Arid and Dry

Sandmel responding the 19-20th century portrayals of 1st Century Judaism quips, “it is always called ‘arid and dry’ never one or the other, always both ‘arid and dry’.  Bible scholarship has tended to lean on the words of Jesus and the words of Paul to develop a picture of 1st Century Judaism.  The resulting portrayal has generally comprised of a religious movement that was legalistic, prideful, injust, and uncompassionate.  The problem is that we have used and circulated the critiques of mispractice and descriptions of what could go wrong with a religious system as though these were the founding articles of that faith.  What is further wrong, is that we read those perceptions back into the founding texts.  Thus if a text in the Torah may be interpreted as either an expression of compassion, or an expression of exploitation, we often choose the second without consideration of the first. 

Once we are firmly determined to oppose the Law, we place Jesus and Paul on our side and downplay their positive comments about the Law.  Perhaps we should consider that even within their negative descriptions of what has gone wrong are clues to what the Law looks like when the Law goes right.  Further, we should consider that the prophetic description of the New Covenant is entirely a presentation of the Law going right.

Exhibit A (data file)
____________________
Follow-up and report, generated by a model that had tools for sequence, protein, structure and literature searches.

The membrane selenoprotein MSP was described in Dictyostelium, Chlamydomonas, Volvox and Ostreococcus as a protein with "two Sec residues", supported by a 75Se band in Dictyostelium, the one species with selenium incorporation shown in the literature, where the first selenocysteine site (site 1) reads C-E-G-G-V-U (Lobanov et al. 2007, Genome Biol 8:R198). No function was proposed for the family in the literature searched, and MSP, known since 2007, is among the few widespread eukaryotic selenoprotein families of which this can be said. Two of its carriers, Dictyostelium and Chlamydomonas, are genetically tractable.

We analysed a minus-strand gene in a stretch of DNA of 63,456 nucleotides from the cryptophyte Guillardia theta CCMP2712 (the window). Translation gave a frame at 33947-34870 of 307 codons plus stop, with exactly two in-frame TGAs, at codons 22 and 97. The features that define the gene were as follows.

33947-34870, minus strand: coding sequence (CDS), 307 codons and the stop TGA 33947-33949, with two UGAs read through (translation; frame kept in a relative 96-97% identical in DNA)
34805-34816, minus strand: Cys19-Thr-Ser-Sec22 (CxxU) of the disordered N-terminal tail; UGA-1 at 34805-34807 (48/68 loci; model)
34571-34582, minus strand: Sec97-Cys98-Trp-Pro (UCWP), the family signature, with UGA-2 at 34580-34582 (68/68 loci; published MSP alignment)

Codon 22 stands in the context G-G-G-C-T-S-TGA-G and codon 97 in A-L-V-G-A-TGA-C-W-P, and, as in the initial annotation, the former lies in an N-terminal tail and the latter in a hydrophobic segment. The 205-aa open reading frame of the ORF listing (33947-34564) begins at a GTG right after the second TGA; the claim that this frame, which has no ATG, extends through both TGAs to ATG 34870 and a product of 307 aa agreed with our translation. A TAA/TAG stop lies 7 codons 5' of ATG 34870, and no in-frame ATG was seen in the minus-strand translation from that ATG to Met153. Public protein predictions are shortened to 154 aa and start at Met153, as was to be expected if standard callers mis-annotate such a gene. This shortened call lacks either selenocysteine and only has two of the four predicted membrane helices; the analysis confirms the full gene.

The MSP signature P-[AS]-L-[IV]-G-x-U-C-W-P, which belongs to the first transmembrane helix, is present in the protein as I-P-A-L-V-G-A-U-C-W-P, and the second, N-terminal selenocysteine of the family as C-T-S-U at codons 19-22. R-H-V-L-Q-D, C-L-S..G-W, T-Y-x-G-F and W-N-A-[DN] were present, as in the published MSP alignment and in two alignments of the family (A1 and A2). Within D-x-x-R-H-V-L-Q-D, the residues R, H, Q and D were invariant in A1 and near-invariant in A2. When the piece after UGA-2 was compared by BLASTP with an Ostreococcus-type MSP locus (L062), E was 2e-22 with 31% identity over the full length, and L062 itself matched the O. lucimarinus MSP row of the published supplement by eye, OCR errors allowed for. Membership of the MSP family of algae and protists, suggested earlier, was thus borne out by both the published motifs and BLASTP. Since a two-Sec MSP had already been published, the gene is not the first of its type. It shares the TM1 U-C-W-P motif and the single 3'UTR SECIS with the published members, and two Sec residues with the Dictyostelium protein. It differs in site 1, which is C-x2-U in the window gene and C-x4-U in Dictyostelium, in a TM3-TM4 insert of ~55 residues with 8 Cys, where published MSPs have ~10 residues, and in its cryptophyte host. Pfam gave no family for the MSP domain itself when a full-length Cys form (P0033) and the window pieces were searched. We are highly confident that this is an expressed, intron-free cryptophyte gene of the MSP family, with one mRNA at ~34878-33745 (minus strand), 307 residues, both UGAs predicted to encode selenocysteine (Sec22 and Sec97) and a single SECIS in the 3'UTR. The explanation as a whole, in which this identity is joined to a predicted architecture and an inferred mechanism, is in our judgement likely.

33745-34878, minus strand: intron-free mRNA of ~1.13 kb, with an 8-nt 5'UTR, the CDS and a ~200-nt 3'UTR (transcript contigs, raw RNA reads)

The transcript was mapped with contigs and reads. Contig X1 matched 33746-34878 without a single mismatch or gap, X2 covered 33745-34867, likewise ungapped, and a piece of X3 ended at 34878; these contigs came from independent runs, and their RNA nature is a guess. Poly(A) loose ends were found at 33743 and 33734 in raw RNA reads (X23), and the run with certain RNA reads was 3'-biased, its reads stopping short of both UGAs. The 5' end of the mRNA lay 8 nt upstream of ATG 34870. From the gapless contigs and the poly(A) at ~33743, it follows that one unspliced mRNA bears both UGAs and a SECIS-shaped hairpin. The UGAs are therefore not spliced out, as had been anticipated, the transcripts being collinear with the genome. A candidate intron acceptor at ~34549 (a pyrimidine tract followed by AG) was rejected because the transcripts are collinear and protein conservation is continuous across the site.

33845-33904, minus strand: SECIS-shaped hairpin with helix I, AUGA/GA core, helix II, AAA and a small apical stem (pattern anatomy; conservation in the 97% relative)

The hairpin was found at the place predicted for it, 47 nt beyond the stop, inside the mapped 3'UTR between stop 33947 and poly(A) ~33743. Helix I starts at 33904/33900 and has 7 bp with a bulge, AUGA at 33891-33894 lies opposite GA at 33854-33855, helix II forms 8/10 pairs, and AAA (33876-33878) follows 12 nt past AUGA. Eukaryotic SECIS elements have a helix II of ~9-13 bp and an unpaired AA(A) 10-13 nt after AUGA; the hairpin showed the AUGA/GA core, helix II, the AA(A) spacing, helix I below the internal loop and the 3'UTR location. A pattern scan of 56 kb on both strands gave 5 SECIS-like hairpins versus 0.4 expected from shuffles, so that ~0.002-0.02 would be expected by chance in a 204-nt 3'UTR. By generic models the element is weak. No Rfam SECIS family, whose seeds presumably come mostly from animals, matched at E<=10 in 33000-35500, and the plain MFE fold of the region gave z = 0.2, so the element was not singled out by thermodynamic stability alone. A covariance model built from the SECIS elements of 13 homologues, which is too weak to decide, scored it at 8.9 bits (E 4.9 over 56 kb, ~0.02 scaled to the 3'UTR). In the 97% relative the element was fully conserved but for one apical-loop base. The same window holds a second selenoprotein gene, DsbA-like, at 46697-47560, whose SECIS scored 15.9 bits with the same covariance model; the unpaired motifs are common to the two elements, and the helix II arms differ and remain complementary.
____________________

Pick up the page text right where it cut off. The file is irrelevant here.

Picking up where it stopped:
So when Jesus says to those Pharisees that “strain the gnat and swallow the camel” by focusing on tithe tiniest produce from the herb gardens, Jesus is also telling them that they should have also “done the weightier provisions of the Law like justice and mercy, and faithfulness.”  They were right by the Law in doing the first, they were wrong by the Law in not doing the second.  It is not that first century Judaism did not produce mercy and justice.  If that were the case, there would be not Jewish basis on the failure to keep them.  Rather, when the study and keeping of Torah failed to produce just and merciful people, it was Jesus, along with the Torah that judge them.  What we often fail to consider is that when Jesus or Paul called Jewish people out on a failure of being in line with the Torah those people knew Jesus and Paul were right, and except for their stake in thing, might have well said so.  Seven times in Matthew 23 Jesus calls the Scribes and Pharisees “Hypocrites.”  The easiest way to escape all charges of hypocrisy is to not have a standard.  People with standards will almost always be open to charges of hypocrisy, and will often be guilty as charged.  Jesus’ problem with the religious leaders of His day was not that they were without a standard, not that they were pursuing the wrong standard.  Their issue was more serious.  They were failing to keep the standard they knew to be right.  The charges cannot be monolithic, not can they be uniform, they need only be widely distributed.  All this is to say, Torah practices were meant to train the heart and mind, they were meant to produce right affections, and they did not have the same effectiveness in every person at all times.  Reading Jesus words through John to the Seven Churches of Asia, we might think the Christianity of the late first and early second century was both dry and arid.  The critiques of each church and Jesus’ warning to repent lest He remove each ones lamp from the lampstand indicate that while the Gospel was meant to train the heart and mind, and produce right affections, and yet it did not have the same effectiveness in every person at all times.  If we believe, as many have suggested, that the Law was the LORD working upon us from the outside in, while the Gospel works on us from inside outward, then the issues of the Pharisees should be easy for use to understand, and Jesus’ words to the seven churches much more difficult to excuse or explain.